How do you study for an exam if the professor who is taking this course ....

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Covid-22
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How do you study for an exam if the professor who is taking this course is completely new & recently joined the university? As a result you can't find out his exam formats by looking at his past exams.

People who have faced similar situation how do you revise for you exam? Since time is limited,it is not possible to study everything. How do you figure out what topics & questions have higher possibilities to come in the final exam & what topics to skip only using class lectures as no past exam of the professor is available? Please share your experiences who have gone through this.Thanks in advance.
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MedicWil
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You're making false assumptions there
Most university's exams are made by an entire department in collaboration, not just one lecturer unless it's a tiny university. Your lecturer probably won't have much, if any, input towards the exam
Also you're not there as simply a checkbox exercise to get a piece of paper, you're there to learn the skills you'll need in your future career. You skip something and you'll end up regretting it in your post-university job(s) as you'll fail to have the skills required so revise everything and you'll be good

What course are you doing and how much time do you have for revision?
Last edited by MedicWil; 4 days ago
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hallamstudents
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Hi Covid-22 having a new professor shouldn't make a difference. The module and content being taught would be the same even if an experienced professor at that university was teaching you. You can still find past papers online, and use these to do mock exams on yourself, to see which areas you need to revise more on.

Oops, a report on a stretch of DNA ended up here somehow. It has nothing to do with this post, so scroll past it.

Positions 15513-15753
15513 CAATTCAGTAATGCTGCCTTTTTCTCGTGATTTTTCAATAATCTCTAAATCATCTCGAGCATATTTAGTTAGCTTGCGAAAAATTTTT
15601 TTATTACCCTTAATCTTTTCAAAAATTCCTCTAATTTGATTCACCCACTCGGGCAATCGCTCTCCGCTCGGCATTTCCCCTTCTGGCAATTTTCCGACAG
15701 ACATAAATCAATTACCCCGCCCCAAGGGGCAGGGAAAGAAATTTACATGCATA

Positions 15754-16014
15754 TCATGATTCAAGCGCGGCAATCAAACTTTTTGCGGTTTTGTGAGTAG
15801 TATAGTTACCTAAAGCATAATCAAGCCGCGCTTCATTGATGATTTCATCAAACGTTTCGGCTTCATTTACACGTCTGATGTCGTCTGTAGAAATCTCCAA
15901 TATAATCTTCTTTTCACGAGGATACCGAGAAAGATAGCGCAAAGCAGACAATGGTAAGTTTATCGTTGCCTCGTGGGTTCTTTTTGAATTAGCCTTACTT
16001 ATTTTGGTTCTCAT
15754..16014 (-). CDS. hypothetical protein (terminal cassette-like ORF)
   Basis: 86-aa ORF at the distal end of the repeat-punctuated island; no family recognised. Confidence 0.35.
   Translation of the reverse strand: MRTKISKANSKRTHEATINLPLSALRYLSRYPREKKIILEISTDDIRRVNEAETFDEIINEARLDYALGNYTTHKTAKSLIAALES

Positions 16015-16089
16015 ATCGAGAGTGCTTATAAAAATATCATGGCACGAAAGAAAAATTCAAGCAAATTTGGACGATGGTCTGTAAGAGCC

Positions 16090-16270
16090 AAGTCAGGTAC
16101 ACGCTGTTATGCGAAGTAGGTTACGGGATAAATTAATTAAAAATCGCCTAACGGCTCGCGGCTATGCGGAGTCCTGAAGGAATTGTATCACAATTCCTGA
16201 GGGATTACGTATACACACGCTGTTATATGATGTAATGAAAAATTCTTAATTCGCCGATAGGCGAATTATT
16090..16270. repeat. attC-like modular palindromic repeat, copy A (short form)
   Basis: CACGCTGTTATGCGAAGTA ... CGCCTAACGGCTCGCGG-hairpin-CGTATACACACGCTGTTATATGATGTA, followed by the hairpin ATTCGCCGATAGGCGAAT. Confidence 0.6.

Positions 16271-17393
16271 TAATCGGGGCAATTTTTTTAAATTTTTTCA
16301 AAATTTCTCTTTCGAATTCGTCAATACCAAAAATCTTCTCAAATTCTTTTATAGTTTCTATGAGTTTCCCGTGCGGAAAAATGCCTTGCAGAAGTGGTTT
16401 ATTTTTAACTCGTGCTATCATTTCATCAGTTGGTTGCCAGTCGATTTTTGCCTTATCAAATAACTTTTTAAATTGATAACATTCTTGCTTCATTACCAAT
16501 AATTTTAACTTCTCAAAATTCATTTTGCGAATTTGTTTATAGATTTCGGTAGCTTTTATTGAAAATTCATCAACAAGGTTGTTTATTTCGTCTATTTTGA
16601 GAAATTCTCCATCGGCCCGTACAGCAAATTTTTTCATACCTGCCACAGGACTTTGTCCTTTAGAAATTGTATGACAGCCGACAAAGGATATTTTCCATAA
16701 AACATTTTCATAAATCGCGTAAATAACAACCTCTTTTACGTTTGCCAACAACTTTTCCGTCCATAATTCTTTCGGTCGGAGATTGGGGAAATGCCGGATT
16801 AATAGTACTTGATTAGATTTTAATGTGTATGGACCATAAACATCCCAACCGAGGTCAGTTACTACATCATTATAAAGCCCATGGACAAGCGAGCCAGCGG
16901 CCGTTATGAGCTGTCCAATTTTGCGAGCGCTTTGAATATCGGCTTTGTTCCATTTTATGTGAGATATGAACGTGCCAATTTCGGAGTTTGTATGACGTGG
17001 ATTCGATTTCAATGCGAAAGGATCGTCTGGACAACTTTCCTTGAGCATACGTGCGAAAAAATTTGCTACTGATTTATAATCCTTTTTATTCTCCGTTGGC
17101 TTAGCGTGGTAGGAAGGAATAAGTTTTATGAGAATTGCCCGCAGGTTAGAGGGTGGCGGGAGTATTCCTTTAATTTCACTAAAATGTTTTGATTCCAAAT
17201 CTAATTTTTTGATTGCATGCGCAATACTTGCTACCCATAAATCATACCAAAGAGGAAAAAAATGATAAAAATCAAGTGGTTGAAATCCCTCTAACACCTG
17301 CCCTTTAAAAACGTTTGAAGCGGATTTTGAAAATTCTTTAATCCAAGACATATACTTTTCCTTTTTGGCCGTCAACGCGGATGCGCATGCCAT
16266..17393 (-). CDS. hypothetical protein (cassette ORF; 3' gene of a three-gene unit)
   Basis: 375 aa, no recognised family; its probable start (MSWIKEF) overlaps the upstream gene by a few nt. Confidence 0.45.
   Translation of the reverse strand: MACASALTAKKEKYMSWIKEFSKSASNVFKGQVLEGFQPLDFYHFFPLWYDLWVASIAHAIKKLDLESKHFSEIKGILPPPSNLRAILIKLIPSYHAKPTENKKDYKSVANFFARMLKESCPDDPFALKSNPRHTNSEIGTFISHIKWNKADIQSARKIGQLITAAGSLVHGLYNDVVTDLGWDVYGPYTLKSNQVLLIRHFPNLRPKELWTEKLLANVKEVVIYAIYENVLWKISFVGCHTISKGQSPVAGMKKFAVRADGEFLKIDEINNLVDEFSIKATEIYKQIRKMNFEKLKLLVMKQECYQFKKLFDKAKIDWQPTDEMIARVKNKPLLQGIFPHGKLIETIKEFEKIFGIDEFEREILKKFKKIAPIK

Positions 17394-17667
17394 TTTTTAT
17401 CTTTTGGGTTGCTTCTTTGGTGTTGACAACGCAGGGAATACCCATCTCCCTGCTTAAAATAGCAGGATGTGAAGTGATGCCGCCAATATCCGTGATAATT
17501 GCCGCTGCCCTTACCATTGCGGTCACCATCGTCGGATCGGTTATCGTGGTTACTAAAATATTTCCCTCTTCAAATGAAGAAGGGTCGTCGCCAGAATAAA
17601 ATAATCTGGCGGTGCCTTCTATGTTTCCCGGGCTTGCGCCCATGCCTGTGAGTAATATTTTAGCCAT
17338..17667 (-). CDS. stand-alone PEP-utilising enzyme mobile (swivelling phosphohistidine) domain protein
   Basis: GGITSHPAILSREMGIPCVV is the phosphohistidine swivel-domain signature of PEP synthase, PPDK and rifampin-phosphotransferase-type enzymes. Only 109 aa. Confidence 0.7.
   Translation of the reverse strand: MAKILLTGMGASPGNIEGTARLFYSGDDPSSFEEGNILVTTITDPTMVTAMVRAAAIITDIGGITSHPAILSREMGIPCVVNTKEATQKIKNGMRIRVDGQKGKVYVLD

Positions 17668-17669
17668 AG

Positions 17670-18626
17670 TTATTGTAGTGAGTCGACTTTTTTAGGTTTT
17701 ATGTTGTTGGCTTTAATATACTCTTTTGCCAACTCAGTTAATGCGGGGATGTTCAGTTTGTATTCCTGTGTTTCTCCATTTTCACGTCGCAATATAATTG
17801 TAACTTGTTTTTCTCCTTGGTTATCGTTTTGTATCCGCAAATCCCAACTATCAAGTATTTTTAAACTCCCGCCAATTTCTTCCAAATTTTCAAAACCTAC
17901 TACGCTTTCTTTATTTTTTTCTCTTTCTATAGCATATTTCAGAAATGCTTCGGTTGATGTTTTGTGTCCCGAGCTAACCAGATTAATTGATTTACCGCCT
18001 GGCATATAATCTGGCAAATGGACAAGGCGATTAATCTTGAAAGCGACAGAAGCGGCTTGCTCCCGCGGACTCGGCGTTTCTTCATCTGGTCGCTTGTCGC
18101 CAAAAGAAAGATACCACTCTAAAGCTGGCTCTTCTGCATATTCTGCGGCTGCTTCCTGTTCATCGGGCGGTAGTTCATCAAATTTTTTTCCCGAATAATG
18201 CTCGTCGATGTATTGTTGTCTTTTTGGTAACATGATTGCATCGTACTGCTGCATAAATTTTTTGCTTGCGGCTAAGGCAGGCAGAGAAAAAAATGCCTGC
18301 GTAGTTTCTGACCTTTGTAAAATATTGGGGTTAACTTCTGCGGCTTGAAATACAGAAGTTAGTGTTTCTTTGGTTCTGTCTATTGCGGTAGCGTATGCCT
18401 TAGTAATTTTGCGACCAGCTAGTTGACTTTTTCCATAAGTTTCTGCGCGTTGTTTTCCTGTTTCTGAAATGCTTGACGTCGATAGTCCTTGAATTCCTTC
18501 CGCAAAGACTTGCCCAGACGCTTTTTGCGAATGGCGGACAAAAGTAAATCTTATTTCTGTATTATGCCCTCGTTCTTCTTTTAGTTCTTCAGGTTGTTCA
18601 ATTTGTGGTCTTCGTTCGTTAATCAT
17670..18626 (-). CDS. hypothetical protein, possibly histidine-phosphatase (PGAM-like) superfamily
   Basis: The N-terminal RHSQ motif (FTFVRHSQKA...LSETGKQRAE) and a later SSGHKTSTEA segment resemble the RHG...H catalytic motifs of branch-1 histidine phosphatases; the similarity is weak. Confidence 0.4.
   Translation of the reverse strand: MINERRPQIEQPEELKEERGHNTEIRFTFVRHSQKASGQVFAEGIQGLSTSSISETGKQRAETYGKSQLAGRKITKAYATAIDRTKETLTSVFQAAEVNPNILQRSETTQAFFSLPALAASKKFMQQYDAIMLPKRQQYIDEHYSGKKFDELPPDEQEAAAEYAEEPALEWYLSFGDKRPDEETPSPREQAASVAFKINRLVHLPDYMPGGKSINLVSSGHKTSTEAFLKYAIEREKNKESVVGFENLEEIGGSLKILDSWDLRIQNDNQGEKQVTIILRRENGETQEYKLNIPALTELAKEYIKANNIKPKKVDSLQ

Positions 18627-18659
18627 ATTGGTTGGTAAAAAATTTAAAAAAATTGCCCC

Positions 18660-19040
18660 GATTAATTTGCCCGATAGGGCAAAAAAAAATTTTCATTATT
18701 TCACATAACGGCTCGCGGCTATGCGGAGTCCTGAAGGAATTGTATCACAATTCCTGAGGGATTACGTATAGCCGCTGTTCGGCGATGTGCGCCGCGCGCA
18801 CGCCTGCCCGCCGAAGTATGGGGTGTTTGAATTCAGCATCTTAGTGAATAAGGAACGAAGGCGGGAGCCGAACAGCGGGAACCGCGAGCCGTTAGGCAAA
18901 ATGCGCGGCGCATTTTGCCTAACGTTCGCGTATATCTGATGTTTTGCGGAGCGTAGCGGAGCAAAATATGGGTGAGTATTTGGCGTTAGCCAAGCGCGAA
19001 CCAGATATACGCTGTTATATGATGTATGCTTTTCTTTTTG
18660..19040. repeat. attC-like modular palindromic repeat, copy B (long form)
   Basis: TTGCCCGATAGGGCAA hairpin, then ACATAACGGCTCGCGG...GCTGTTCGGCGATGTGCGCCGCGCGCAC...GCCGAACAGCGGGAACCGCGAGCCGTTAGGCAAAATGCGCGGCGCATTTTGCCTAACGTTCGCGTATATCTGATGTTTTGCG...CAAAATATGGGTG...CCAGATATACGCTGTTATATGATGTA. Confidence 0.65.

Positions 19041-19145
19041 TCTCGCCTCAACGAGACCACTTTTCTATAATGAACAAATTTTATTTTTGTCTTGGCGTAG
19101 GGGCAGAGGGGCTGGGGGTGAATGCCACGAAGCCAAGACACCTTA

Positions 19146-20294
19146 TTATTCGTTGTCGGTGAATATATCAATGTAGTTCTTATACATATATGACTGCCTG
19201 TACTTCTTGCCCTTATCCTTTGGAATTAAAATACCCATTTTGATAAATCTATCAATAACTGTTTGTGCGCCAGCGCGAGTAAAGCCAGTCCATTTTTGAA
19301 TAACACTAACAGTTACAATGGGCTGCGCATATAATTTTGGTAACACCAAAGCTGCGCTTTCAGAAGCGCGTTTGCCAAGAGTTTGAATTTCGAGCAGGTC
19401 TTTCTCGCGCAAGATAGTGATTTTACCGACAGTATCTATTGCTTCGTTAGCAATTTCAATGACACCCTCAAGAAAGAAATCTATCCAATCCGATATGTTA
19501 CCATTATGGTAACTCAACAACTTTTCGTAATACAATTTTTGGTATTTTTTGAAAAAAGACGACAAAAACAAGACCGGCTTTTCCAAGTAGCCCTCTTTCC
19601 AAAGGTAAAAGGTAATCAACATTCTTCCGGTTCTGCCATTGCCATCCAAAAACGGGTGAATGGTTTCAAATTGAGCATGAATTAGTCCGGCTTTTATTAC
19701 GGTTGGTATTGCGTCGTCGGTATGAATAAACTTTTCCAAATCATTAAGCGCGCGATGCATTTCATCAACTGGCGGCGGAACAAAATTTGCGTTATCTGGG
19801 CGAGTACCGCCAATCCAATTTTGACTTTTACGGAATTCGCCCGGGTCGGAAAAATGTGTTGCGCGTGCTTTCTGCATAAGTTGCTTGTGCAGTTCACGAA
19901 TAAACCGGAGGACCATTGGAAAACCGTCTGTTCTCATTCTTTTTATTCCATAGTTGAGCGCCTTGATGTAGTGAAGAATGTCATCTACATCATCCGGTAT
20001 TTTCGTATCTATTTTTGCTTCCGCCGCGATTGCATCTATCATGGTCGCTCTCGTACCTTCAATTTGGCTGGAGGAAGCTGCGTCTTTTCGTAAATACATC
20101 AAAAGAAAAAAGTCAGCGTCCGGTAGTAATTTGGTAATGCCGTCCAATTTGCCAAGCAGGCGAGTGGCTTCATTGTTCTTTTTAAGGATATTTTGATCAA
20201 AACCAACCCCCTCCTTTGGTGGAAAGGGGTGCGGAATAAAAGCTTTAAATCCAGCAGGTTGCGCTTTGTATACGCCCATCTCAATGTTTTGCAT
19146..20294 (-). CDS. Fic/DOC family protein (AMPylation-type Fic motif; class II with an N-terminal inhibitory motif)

As MedicWil said you shouldn't skip any topics. You came to university to learn, not to just pass a module. Usually things you learn in one year you will need to use in the next year, so if you completely skip over parts this year it will be worse for you in the long run. Yes time may be limited, but it is better to have good overall knowledge than it is to have excellent knowledge on one or two parts.

You should go over all learning for that module, unless in lectures the professor gave hints about what might be on the paper there is absolutely no way of knowing what will come up in the exam. You should make a revision timetable for yourself, where it is planned what you will study each day, and make it so that you will end up having studied everything on that module before it is time to take your exam. If time is really limited and you won't have time for this, then I would revise parts you do not know much about in order to give you a better chance of being able to answer every question.

There are different ways to revise, some examples are: past papers, and after you do the past paper use the marking scheme provided with it to see what the perfect answers were and revise the ones you got wrong or could have answered better; make your own or buy revision cards for that subject and use these to test yourself and absorb the knowledge, as some people do better with smaller bits of information at a time + the repetitiveness can help it stick; you could re-watch the online lectures, make questions for yourself based on what was taught in a lecture, as these could then be questions that come up in an exam, and try write a perfect answer for them and memorise it; go through your notes of the lectures and revise these; or form a study group and come up with ways to test each other.

It can be stressful revising for exams, make sure to take plenty of breaks in between working. t's better to do five one-hour stints with breaks than to revise solidly for seven or eight hours, you are more likely to retain the information this way. If you start to lose focus, take a break and do something completely different. https://www.thecompleteuniversitygui...exams-top-tips

Best of luck in your exam.

- Rosie
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